Friday, May 17, 2013

Tea Time with Synaesthete

Never pay attention to seizure warnings.
This week marks the 2013 Eurovision Song Contest, an event where people all over the world gather around to yell at Europe for voting incorrectly. Why did you pick another ballad over rapping astronauts? Look at what you've become, Sweden.

In honor of bad musical choices, this tea time features Synaesthete, a rhythm game that has a few things to share with you concerning the nature of existence.


What if, like, what you saw as red, another person saw as green? But they called it red. So, like, your entire life, they're calling green red and you're calling red green and you'd never even know. This could be green right now and we'd have no way of knowing.


Synaesthete is a game from a DigiPen student team, where it won Best Student Game in 2008. In it, you play a transcendental being that serves as an antibody to the collective unconscious. In practice, you run around in circles shooting lasers out of your eyes at floating penguins that desperately want to bodycheck you.

BEHOLD! SUPER OPTIC BLAST.

Each room spawns several enemy waves before allowing you to move onward. Your main method of attack is through the classic rhythm game mechanic. Hitting a note on time produces the aforementioned optic blasts. Missing results in lessened or no damage. Each stage features a new song and each world has a different style of music: house, trance, hardcore.

Synaesthete's graphics are bright and simple, favoring simple geometric shapes in a presentation that is heavily influenced by the (in)famous trance rail shooter Rez. The level design is repetitive, but the never-ending focus on hitting notes mean that you'll barely have time to notice, especially when you add in a steady stream of screen-obscuring platitudes.

Can't See the Forest for the Bass


Synaesthete is one of those games that is better referred to as an experience. As a person who is absolutely horrible at rhythm games, success hinged entirely upon how prominent the bass line was in any particular song. Even then, Synaesthete is so incredibly forgiving that there was never a point where losing was a concern.

There is no penalty for missing notes other than ruining your combo. There's no great fanfare for having an accomplished point total, and even in the later levels it was all A Ranks. In fact, it is perhaps that A Rank is the lowest and this run through never saw anything higher than that.

On the other hand, Synaesthete's design choices with the note system are a great way to handle multiple skill levels. The tutorial recommends that you don't try to hit all the notes, and the game fades out note streams that you are not currently attempting to hit. A risk or punishment system that affects more than just points could very quickly turn frustrating.

Synaesthete features three or four enemy types, minus the bosses. All of them do absolutely trivial amounts of damage. With the frequent (though minor) health pickups, the game might as well not have a health dynamic.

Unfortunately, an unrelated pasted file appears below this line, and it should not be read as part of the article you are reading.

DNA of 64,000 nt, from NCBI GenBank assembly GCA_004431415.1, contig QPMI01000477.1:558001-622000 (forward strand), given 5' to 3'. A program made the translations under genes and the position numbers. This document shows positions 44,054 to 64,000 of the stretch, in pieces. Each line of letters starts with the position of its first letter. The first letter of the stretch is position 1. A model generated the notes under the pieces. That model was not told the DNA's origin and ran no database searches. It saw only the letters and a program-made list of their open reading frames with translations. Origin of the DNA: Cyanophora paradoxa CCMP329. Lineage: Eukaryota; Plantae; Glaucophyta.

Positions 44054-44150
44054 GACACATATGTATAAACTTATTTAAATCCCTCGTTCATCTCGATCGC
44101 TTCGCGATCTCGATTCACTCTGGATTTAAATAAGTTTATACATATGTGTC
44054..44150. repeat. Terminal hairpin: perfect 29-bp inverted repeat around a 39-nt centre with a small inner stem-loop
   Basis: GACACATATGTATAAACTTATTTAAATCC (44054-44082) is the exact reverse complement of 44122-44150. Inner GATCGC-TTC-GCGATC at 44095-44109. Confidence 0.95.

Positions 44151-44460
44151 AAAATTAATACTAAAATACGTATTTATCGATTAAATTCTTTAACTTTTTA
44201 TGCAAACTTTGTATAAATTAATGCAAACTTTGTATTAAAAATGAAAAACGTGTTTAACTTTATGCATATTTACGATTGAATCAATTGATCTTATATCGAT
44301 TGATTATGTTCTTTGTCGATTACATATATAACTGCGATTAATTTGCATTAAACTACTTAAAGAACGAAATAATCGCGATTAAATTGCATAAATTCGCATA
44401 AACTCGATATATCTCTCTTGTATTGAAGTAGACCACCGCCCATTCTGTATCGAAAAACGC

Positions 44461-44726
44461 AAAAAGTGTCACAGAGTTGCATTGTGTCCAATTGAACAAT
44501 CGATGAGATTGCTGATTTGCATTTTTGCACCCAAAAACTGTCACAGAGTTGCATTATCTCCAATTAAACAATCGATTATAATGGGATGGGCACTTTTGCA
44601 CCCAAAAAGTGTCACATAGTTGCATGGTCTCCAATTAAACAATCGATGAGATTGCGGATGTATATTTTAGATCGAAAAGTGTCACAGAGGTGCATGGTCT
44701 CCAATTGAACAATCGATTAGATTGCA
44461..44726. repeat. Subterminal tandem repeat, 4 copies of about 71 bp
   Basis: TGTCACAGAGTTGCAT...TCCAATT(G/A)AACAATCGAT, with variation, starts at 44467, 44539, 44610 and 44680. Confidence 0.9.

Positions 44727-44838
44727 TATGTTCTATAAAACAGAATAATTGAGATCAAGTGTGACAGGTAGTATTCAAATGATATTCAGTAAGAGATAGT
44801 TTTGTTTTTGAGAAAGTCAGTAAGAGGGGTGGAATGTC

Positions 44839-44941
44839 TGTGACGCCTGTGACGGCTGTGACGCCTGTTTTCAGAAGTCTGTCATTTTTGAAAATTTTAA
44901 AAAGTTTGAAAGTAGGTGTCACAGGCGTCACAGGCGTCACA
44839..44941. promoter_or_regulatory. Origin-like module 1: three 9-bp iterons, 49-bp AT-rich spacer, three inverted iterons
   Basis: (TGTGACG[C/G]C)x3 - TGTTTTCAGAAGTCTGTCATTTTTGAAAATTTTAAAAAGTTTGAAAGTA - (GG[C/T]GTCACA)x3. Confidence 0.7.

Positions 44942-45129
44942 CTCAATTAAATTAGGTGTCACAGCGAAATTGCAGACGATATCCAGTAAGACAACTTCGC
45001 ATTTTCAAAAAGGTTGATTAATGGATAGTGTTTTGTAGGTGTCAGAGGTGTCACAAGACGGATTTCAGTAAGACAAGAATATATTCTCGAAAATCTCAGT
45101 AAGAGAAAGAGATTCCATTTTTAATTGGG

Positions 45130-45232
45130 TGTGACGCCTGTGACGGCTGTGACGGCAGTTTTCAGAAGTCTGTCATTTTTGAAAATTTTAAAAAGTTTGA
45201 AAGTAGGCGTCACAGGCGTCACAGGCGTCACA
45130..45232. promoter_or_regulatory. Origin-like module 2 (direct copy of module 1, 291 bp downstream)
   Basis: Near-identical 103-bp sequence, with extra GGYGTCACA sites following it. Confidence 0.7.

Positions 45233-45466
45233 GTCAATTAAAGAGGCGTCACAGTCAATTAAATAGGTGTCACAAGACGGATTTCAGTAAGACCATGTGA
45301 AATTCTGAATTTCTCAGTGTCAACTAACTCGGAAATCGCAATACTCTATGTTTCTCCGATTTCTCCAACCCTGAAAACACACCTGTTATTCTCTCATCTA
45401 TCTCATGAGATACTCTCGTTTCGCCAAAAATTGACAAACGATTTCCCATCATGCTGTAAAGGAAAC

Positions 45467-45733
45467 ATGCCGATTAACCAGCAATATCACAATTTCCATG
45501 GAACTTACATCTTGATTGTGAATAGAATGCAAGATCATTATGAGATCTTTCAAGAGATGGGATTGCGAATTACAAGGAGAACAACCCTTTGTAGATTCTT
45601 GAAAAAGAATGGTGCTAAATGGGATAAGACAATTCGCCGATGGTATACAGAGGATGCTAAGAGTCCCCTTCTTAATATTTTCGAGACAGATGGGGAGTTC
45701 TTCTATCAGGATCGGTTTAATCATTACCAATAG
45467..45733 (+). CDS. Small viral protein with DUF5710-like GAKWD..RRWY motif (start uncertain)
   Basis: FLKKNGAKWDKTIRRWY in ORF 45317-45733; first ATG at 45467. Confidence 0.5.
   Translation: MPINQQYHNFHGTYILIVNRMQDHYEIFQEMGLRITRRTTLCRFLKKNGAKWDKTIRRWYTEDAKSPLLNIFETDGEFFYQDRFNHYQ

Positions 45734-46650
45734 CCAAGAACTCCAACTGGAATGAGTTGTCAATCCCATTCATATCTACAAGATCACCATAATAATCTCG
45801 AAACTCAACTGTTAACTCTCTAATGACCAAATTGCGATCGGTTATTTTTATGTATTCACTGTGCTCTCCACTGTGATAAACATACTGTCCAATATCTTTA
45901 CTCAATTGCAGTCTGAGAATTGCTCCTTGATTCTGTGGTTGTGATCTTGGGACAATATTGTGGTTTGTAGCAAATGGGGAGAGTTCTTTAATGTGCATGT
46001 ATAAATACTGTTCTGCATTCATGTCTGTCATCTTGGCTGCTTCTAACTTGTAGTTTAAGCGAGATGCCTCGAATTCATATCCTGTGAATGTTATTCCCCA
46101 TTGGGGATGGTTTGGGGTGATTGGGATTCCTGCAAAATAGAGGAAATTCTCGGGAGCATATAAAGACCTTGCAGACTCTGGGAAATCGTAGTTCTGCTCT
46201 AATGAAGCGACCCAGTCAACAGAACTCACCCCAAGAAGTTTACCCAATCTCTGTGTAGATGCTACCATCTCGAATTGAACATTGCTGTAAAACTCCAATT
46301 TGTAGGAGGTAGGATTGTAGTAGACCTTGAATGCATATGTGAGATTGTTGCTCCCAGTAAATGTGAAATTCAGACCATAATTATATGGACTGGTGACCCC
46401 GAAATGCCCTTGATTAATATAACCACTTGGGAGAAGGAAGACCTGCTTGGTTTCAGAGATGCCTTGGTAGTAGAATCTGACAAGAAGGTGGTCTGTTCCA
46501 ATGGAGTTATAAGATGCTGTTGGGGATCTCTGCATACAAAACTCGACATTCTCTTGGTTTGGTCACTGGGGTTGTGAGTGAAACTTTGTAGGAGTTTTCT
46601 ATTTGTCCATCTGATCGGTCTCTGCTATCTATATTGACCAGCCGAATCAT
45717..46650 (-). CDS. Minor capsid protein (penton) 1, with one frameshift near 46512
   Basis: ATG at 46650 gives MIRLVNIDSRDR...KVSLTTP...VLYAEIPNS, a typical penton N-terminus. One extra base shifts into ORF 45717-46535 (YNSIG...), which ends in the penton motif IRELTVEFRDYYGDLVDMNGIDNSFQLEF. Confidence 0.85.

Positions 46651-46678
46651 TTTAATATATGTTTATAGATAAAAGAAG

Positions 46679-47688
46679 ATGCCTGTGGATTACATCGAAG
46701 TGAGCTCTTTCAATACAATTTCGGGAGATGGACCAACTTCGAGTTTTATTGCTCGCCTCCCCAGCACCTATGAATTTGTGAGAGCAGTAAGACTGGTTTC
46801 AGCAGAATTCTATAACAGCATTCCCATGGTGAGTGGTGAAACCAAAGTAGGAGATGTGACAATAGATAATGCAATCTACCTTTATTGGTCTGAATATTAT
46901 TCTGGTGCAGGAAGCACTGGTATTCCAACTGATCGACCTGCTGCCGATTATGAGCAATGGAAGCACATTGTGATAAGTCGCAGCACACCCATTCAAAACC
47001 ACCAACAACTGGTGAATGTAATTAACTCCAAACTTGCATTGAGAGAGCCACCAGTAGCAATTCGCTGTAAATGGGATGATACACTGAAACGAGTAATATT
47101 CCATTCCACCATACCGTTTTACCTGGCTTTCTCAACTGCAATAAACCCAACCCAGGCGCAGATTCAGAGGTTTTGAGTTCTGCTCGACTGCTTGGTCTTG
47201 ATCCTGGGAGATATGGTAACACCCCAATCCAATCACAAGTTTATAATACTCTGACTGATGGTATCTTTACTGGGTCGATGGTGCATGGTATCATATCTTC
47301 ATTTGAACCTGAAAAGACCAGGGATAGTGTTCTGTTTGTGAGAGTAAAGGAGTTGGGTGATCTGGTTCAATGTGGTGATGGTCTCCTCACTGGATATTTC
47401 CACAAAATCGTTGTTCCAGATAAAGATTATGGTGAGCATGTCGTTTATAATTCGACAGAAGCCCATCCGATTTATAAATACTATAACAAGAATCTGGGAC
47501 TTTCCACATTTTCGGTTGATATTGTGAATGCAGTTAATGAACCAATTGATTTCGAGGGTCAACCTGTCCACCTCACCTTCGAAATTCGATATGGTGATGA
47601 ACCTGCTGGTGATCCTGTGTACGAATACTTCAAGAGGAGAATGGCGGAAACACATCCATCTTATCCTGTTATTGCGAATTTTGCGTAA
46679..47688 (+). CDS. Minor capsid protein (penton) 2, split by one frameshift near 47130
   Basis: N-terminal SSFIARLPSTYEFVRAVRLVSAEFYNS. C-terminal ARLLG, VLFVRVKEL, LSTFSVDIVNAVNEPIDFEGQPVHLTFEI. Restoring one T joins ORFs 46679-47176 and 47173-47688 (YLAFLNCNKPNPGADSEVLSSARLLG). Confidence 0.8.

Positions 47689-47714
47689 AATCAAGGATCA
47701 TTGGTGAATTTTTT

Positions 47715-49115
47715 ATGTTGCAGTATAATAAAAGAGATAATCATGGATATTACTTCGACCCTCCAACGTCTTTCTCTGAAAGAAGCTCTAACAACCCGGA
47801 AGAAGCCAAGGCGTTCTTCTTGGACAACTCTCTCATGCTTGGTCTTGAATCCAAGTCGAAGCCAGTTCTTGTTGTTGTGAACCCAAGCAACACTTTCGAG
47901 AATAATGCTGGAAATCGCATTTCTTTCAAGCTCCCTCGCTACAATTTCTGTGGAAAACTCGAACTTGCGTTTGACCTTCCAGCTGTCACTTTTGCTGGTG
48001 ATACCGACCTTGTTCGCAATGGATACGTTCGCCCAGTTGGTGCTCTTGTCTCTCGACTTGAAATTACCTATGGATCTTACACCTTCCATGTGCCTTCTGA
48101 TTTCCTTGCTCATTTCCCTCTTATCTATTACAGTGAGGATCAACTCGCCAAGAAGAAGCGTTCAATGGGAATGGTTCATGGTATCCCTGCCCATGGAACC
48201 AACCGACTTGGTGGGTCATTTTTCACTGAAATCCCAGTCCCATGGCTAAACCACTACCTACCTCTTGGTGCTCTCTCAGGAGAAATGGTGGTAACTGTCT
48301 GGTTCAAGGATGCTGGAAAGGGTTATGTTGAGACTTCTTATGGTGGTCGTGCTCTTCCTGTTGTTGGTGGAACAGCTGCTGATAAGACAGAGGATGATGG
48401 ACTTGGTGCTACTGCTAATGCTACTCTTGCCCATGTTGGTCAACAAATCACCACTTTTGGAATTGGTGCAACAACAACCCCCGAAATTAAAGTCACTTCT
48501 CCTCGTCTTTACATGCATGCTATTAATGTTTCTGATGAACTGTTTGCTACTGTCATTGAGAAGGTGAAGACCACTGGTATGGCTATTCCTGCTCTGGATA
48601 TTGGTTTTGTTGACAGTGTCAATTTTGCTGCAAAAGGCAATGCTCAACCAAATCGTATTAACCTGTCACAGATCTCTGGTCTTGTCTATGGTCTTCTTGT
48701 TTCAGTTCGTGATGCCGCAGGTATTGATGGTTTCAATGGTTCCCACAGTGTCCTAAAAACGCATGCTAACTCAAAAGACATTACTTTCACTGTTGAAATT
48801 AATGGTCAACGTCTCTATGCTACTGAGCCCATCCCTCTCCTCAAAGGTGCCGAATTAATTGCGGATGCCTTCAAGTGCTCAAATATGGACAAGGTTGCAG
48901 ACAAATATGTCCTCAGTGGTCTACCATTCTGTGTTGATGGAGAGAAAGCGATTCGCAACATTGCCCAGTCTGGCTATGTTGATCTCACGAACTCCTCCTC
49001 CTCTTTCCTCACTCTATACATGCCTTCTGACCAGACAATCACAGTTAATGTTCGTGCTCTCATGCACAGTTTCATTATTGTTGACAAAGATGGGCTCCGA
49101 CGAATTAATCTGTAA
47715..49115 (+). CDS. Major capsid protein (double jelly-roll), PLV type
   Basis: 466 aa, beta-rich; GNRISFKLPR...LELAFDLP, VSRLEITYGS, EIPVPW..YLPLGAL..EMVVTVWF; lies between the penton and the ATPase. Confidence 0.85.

Oh man, an easy part of the song came up. Phasers charged, captain.

Throughout the game, the player unlocks several spells that, by and large, destroy groups of enemies in novel ways. For those who are direly in need of help, the very first spell is another health refill. For those who like big numbers, another spell does nothing but massively increase the combo total. With the lack of punishment for missing notes and the nonthreatening nature of the enemies, the damaging spells were curiosities rather than helpful tools.

While the player does control movement, that is almost unnecessary as well. Nearly all of the action is hitting the notes and the most one can do to avoid enemies is to circle strafe or stand still, depending on the type.

The most interesting sections of Synaesthete are the boss fights. Movement and positioning suddenly become a concern, engaging the player on a level that the enemy waves do not. The battlefield changes as the boss adopts different patterns, forcing the player to also move in new ways. Unfortunately, these sequences are very short thanks to the terrifying power of eye lasers.

And Pose Like a Guru


Speaking as a person with pedestrian tastes in techno and a passing familiarity with house/trance/etc, the music in Synaesthete is acceptable. It veered closely to same-sounding at multiple points, which is likely a weakness of having a single artist for the entire game. None of the songs stood out and made me want to track them down.

Viper Vizier is evil Jesus from an alternate dimension and also the villain of the
unreleased third film of the Future Force trilogy.

Overall, Synaesthete is an interesting effort that, like many other indie games, is in need of an editor. The concept of combining Robotron-esque battlefields with a classic rhythm game format seems like a great idea until you start to think about it. How many DDR players pay attention to the background when they're engaged with a song that is any more difficult than 'could literally play blindfolded'?

It is a short game if you're not interested in higher difficulties (which ramp up the speed), so get in the Eurovision mood and give it a try by clicking here.

Want to suggest a game or genre for the next tea time? Email me at madamarcadia@aristogamer.net.
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